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MYTH: The vast majority of people recover from COVID-19 without consequences
FACT: There are increasing concerns about long-term complications of COVID-19

By Richard Jefferys
Last updated: August 3, 2020

From the inception of the COVID-19 pandemic, there has been misinformation and disinformation circulating regarding the seriousness of the disease. A common fallacy is to compare with seasonal flu, despite the greater risk of hospitalization and death. As more has been learned about COVID-19, the breadth and duration of the potential negative health consequences has become clearer. That hasn’t stopped the President of the U.S. recently claiming erroneously that “99 percent [of cases] are totally harmless.”

The reality is that there are increasing concerns about the potential for long-term complications from COVID-19. A research study published in JAMA reported that 87.4% of 143 participants experienced the persistence of at least one symptom (most commonly fatigue and difficulty breathing) an average of 60 days after the onset of their first symptom. More than half reported persistence of three or more symptoms.

The U.S. Centers for Disease Control and Prevention (CDC) has described follow up of individuals with COVID-19 who were never sick enough to be hospitalized, and 35% had not returned to normal health two to three weeks after testing positive. A study in Ireland found that more than half of the 128 participants reported persistent fatigue an average of 10 weeks after initial COVID-19 symptoms.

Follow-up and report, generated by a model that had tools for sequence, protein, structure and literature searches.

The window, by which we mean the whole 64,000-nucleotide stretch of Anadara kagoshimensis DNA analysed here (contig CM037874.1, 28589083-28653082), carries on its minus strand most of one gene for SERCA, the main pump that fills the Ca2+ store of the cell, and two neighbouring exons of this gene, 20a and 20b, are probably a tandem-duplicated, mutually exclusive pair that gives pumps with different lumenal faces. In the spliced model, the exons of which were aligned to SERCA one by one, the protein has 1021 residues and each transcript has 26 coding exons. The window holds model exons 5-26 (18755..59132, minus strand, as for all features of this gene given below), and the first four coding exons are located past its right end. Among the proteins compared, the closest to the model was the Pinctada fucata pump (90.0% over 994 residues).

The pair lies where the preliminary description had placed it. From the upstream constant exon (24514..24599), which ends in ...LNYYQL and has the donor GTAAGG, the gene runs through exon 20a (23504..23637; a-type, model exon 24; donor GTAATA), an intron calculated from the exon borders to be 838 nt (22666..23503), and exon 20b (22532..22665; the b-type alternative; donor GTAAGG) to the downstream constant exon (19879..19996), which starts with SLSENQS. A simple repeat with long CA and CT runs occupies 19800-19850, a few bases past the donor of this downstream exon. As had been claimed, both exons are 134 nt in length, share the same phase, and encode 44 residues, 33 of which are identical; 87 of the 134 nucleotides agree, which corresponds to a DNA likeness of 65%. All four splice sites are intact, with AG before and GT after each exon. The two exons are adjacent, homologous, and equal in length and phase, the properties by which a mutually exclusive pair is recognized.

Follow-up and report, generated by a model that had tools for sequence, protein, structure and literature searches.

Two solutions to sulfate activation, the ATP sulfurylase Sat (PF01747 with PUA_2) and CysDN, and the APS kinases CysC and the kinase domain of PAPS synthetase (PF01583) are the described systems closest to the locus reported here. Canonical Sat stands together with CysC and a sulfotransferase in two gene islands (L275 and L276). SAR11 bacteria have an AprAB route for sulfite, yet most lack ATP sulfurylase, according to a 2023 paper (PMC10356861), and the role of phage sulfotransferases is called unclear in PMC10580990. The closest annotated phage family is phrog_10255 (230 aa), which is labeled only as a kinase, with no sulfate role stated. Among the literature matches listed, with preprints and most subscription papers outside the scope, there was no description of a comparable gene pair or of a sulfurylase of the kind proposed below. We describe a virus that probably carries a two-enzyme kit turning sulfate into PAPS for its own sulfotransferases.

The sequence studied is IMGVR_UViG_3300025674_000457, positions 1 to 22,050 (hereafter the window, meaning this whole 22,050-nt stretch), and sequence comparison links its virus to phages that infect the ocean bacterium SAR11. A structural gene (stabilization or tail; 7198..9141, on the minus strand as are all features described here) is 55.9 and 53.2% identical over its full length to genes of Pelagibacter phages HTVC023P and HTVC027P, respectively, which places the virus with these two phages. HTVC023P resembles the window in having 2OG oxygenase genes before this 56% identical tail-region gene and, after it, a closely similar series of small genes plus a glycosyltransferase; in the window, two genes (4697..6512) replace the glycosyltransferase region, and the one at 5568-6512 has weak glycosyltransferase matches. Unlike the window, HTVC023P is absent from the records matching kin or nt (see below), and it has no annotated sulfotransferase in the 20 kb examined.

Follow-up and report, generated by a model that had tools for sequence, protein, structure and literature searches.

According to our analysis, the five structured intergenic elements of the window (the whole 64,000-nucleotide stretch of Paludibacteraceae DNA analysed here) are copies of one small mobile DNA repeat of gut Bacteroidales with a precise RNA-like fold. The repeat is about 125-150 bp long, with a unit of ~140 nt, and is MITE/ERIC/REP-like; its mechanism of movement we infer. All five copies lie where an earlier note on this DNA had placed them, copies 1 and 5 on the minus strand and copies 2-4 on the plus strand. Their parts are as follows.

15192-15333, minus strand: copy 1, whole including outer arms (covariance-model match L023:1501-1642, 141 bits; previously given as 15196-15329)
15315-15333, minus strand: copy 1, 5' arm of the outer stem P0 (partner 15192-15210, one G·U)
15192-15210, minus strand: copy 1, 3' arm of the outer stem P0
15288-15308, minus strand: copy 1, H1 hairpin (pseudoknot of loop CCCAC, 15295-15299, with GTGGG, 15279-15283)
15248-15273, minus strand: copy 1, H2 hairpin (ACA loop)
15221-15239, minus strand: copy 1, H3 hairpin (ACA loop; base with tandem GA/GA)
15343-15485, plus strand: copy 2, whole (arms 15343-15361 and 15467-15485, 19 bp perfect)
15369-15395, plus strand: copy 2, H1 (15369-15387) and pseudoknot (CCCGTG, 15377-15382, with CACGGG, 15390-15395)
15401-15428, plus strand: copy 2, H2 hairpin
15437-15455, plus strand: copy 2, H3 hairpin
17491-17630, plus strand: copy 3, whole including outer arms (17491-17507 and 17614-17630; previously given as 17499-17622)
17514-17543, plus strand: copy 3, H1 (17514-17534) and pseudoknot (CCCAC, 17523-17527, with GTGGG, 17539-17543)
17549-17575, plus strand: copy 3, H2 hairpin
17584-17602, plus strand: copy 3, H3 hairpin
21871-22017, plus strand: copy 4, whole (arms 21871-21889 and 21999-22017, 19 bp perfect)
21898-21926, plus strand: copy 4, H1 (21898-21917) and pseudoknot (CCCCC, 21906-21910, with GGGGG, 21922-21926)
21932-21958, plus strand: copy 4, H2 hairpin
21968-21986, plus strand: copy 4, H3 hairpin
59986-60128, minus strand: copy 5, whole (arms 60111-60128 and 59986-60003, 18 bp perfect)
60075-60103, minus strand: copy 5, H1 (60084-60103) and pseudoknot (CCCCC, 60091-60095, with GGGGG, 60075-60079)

In addition to these formal reports, many news articles have described similar anecdotes from individuals continuing to experience symptoms long after acute COVID-19, leading to the term “long haulers” to describe the phenomenon.

Studies are also uncovering evidence of persistent organ damage related to the inflammation associated with COVID-19. Recent papers from German researchers revealed a high prevalence of damage to the heart. There are similar concerns about potential long-term neurological problems.

Scientists and advocates are drawing parallels with myalgic encephalomyelitis/chronic fatigue syndrome (ME/CFS). Dr. Anthony Fauci, director of the National Institute of Allergy and Infectious Diseases and a member of the White House Coronavirus Task Force, has repeatedly stated to the public that what COVID-19 patients are experiencing is highly suggestive of ME/CFS. Advocates are stressing the importance of supporting and broadening investigation of all possible forms of post-viral illness as part of the COVID-19 research agenda.

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